All our members are no doubt aware of Canada’s vote against the freeze proposal put before the United Nations, both at the political affairs committee, where it passed by a vote of 111 to 12 and subsequently in the General Assembly, where the vote was 129 for vs. 12 against. Between the two votes, Science for Peace co-signed a letter written in conjunction with several groups urging that Canada support the joint Mexican-Swedish Freeze proposal. Four members of NATO (Denmark, Iceland, Greece, and Norway) voted in favour of the Freeze; Canada did not. External Affairs Minister Joe Clark suggested in a recent interview that Canada can exert more influence “working through the alliance” than she can by trying to advise the superpowers.
Bob Melvin of the University of Western Ontario reports that about forty participants of last fall’s Peace Studies Programme have been meeting weekly ever since.
Geoffrey Pearson has been confirmed as executive director of the newly created Canadian Institute for International Peace and Security. The board organized in early fall (chairman William Barton, vice-chairman Margaret Fulton) has awaited confirmation of this appointment to begin the Institute’s work. Other S4P members on the board of directors are Norman Alcock and William Epstein.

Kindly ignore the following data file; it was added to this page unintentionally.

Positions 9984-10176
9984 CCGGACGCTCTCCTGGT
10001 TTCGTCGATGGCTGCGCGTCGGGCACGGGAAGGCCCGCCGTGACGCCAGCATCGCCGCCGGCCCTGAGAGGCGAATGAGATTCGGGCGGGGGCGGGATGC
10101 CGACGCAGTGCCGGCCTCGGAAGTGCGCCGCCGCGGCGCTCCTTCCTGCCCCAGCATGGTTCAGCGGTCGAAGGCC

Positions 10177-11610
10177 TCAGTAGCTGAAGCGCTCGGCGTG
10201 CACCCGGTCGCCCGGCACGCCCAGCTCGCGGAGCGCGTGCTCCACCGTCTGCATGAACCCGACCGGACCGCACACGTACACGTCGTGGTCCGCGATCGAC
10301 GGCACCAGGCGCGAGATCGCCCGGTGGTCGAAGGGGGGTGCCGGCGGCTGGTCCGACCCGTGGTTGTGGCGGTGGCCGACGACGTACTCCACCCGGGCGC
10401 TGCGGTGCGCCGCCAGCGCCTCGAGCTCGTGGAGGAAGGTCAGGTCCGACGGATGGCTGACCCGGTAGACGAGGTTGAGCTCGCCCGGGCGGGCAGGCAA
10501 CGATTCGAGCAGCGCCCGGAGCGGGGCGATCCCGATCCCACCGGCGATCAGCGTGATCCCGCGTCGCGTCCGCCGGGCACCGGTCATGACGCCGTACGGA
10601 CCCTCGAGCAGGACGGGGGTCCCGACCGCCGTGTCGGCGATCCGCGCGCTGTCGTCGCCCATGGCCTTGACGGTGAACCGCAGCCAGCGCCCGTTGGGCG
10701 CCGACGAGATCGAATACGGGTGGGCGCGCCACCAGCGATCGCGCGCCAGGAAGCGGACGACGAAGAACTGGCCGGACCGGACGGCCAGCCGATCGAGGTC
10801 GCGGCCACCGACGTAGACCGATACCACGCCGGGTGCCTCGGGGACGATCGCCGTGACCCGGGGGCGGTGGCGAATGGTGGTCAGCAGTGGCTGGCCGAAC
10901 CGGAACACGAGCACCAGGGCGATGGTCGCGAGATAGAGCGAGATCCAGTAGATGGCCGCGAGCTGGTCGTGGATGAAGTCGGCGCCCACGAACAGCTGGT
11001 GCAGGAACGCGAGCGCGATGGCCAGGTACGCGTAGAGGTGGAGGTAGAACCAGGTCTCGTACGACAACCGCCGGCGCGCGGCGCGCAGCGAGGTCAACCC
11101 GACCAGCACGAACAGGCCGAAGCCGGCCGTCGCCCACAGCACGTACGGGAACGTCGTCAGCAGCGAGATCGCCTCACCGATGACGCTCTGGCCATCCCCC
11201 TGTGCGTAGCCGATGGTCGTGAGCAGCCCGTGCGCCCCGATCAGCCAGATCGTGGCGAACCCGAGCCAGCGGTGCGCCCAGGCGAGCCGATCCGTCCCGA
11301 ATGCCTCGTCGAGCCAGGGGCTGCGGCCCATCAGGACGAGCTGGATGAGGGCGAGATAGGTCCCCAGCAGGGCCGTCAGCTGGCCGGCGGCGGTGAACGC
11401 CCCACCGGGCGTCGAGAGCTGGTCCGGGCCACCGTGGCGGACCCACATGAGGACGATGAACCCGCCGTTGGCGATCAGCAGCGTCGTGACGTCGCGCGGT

External Affairs Minister Joe Clark will present a Green Paper on foreign policy to Parliament towards the end of January, 1985. This paper will form the basis for discussion within a parliamentary committee, which may recommend cross-Canada public hearings on such issues before it reports its recommendations next autumn for the official White Paper on foreign policy. This matter is of great importance and should bring forth a special effort from our own membership to contribute to the Brief which our preparatory group will draft. Members wishing to work on this should contact Metta Spencer at (416) 789-2294.
A collection of SIPRI books has found its way into the S4P library, thanks to Pat Alcock.